Domestic CIA Legal Authorities

James Slate
11 min readSep 4, 2018

Iv’e finally got around to watching the first Sicario (yes I know im late). While watching the movie I saw some bizarre claims about the CIA’s Mission and Legal Authorities, so I thought id go over the Agency’s Legal Authorities Domestically here. There was also so confusion online about this as well. But before I do that I stumbled across this thread which speculated as to why the CIA cannot operate in the United States, and because of the inaccuracies I will first respond to that.

The Original poster says:

Well damn the CIA is so damn rogue that we can’t even TRUST them to operate solo within the United States….

That’s not at all why the CIA has a very Limited Domestic Function. The 1947 National Security Act which established the Agency contains important prohibitions, providing that CIA “shall have no police, subpoena, or law enforcement powers or internal security functions.” 50 U.S.C. § 3036(d)(1). This restriction, known as the “law enforcement proviso,” reflects then-recent memories of the German Gestapo and concerns about a U.S. secret police. It also reflects CIA’s focus on foreign intelligence, leaving the FBI more focused on domestic intelligence. Giving the CIA or any Intelligence Agency Law Enforcement powers would be a major threat to civil liberties. That’s why all Liberal Democracies have both an Foreign Intelligence Agency and a Domestic Intelligence Agency. Even Russia separates Intelligence and Law Enforcement (at least in theory)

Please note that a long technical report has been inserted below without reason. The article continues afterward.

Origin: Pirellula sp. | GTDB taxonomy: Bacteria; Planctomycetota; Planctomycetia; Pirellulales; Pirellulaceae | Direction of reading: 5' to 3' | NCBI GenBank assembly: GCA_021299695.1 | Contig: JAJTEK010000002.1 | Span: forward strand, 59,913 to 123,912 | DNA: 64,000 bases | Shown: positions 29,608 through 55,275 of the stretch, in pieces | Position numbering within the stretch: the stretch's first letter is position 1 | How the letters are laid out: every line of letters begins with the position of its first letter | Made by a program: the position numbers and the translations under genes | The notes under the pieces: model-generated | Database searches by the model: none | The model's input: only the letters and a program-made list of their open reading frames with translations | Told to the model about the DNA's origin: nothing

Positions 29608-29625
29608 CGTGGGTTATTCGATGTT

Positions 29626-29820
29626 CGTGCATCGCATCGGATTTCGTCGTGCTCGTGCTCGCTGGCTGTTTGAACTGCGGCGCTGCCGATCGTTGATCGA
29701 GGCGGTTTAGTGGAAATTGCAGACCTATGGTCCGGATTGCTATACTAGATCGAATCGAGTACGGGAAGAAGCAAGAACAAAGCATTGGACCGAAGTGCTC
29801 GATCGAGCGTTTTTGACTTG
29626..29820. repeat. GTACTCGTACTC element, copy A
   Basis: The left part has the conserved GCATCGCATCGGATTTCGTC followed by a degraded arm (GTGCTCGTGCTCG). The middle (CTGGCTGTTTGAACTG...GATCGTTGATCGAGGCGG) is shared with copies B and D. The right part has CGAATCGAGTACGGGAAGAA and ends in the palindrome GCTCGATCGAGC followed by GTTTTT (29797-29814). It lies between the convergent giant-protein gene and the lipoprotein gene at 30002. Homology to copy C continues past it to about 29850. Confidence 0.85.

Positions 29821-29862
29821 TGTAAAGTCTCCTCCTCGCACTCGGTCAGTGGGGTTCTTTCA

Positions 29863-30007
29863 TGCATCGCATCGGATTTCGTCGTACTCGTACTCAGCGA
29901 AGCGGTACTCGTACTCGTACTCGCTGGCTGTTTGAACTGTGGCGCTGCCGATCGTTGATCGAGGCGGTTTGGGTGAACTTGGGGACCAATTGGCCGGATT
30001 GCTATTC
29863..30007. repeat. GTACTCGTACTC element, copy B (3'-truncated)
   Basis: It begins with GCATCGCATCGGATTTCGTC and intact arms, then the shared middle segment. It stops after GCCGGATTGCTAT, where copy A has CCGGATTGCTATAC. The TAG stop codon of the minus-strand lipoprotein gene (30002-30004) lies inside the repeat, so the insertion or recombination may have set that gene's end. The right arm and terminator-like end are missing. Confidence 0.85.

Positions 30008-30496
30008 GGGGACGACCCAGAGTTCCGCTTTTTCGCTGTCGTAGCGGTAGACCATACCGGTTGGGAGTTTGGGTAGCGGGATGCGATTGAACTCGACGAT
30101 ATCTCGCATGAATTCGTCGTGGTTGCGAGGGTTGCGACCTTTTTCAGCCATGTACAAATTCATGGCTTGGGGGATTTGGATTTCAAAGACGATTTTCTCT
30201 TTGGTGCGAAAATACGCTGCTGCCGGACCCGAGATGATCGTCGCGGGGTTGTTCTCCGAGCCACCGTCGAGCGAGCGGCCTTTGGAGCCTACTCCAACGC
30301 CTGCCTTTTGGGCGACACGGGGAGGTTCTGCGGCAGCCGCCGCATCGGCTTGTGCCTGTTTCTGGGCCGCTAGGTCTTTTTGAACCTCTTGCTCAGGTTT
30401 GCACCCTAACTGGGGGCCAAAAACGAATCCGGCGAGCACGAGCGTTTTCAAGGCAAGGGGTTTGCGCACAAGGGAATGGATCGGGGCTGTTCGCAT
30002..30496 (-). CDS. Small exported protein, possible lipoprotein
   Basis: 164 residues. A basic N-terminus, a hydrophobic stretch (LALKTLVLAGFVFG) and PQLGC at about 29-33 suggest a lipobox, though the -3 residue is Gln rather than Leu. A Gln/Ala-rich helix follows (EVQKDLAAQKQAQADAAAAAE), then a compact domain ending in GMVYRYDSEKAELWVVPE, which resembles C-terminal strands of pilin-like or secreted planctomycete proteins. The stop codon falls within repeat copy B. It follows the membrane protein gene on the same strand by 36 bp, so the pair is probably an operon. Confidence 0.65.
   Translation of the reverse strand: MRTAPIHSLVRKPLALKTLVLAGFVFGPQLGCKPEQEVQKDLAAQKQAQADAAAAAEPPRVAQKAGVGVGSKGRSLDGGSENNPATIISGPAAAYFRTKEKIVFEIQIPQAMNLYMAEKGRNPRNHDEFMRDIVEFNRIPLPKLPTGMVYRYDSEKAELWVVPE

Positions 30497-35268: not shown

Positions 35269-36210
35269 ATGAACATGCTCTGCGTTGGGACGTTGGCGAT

Also, claims made that the CIA is rogue is false as well.

CIA activities are continually reviewed by a variety of internal and external oversight bodies. Within the CIA, OGC and the Office of Inspector General (OIG) are each led by an officer who, like the Director, is appointed by the President of the United States and confirmed by the Senate. A substantial percentage of OGC attorneys are collocated with analysts, operators, and other professional personnel within the CIA’s Mission Centers and other CIA elements. OIG accomplishes its mission to provide objective oversight and detect fraud, waste, and abuse, through audits, inspections, and investigations. CIA officers, regardless of grade or position, are encouraged to consult with OGC and OIG as appropriate, and to report any suspected violations of law or policy. The CIA respects whistleblower protection within the Intelligence Community, and does not tolerate reprisals or the threat of reprisals against employees on the basis of protected disclosures.

The CIA’s PCLO provides advice and assistance to senior CIA officials regarding privacy and civil liberties concerns, including those related to these Procedures. The CIA recently re-established this position as a dedicated full-time appointment, recognizing its importance to the CIA’s mission. The PCLO is taking a leading role in the public discussion regarding these Procedures.

Within the Executive Branch, the CIA’s accountability begins with the President of the United States and the National Security Council. The CIA reports to the President in furtherance of its national security responsibilities, and is prohibited from engaging in any activities for purposes of affecting or interfering with the domestic political process. The CIA also engages with and is accountable to independent entities within the Executive Branch, including the President’s Intelligence Advisory Board, the Intelligence Oversight Board, and the Privacy and Civil Liberties Oversight Board.